It is one thing to attain popularity as a musician, but it is another to receive the kind of acclaim Metheny has garnered from critics and peers. Over the years, Metheny has won countless polls as “Best Jazz Guitarist” and awards, including three gold records for (Still Life) Talking, Letter from Home, and Secret Story. He has also won 18 Grammy Awards spread out over a variety of different categories including Best Rock Instrumental, Best Contemporary Jazz Recording, Best Jazz Instrumental Solo, Best Instrumental Composition. The Pat Metheny Group won an unprecedented seven consecutive Grammys for seven consecutive albums. Metheny has spent most of his life on tour, averaging between 120-240 shows a year since 1974. At the time of this writing, he continues to be one of the brightest stars of the jazz community, dedicating time to both his own projects and those of emerging artists and established veterans alike, helping them to reach their audience as well as realizing their own artistic visions.

Grammy Award-winning composer-guitarist Pat Metheny s Orchestrion may turn out to be his most talked-about, argued-over undertaking. It’s already his most adventurous. With Orchestrion, Metheny redefines the concept of the solo album. He is indeed the only live musician on this recording, but it s the opposite of, say, his 2003 One Quiet Night, in which Metheny hunkered down in his home studio to explore all the musical possibilities of one new guitar. Here he works with an extraordinary set-up of acoustic instruments, assembled for him by a visionary team of inventors. What they have created in collaboration with Metheny is a veritable made-to-order solenoid orchestra that includes, among other things, bass, pianos, percussion, marimbas, guitar-bots, and a mellifluous cabinet of carefully tuned bottles. Using one-of-a-kind software programs and solenoid switches, Metheny controls each instrument via his guitar and an array of pedals.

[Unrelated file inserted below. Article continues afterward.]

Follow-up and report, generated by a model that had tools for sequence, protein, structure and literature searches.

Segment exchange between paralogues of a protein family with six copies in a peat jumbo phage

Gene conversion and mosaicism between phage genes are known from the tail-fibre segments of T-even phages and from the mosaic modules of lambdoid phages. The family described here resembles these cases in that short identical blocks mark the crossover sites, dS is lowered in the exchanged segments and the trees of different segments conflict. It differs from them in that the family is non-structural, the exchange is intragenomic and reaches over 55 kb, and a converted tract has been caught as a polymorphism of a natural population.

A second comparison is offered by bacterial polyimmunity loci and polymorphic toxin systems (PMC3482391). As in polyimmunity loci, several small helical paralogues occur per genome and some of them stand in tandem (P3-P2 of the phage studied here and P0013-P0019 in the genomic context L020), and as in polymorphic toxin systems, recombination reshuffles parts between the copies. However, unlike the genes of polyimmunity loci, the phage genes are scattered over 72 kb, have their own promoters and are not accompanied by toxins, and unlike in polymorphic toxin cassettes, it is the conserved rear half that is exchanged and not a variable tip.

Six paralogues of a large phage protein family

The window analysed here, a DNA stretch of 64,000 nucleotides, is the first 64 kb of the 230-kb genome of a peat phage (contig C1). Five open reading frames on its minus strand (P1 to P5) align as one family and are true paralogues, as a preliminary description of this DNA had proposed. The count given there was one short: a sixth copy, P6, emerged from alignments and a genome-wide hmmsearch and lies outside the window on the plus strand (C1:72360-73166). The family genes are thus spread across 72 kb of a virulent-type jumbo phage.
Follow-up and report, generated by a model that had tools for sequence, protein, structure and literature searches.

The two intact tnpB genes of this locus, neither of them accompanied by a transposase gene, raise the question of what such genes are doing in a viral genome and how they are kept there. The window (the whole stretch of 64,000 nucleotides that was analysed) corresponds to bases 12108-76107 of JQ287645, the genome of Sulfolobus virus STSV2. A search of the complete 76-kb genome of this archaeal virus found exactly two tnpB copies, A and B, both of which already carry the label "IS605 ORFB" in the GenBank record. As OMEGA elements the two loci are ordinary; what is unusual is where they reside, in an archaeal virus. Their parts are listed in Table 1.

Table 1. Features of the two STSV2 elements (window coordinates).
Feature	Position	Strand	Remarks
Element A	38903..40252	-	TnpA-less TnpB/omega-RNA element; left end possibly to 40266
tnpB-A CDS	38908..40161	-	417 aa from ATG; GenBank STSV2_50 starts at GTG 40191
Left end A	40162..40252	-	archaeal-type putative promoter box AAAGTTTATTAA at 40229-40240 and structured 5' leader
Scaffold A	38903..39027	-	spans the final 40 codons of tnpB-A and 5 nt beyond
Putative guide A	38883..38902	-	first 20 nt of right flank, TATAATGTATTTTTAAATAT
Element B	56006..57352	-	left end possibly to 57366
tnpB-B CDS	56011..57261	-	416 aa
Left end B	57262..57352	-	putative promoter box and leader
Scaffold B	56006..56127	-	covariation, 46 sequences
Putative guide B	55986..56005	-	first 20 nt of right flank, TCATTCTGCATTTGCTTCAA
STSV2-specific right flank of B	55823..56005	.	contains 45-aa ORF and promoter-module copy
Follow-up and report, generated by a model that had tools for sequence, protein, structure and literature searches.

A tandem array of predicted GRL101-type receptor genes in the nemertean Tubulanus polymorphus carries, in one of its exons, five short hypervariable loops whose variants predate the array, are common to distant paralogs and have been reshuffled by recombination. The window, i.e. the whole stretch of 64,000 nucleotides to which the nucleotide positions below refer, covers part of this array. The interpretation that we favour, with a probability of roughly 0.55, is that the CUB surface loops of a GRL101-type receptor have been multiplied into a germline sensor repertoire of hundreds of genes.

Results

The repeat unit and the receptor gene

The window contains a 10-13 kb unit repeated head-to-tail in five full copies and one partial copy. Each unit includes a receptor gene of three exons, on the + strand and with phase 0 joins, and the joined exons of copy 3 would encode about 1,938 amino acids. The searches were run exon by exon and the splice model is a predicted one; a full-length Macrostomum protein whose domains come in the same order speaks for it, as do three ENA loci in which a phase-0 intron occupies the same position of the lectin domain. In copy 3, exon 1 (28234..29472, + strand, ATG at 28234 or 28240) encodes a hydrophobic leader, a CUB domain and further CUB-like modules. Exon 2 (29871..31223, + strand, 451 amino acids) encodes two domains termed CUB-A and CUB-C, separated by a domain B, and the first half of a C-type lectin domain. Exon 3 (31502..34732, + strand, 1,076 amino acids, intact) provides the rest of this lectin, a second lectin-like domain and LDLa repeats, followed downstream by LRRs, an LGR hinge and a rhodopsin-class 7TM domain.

Orchestrion was influenced by the primitive but evocative player-piano technology of yesteryear that has fascinated Metheny since he was a child. The player piano inspired inventors of that age to create the orchestrion, a large mechanical multi-instrument device that imitated the sound of an orchestra. Metheny brings this concept into the 21st century, composing and playing five ambitious pieces with his tailor-made, sophisticated, musically dynamic ensemble. Orchestrionics is what Metheny calls this new method of performing. The resulting album, recorded in midtown Manhattan’s MSR studio after months of experimentation at home, is a marvel of the digital era, yet the record sounds beautifully, stirringly, human. In other words – it’s timeless.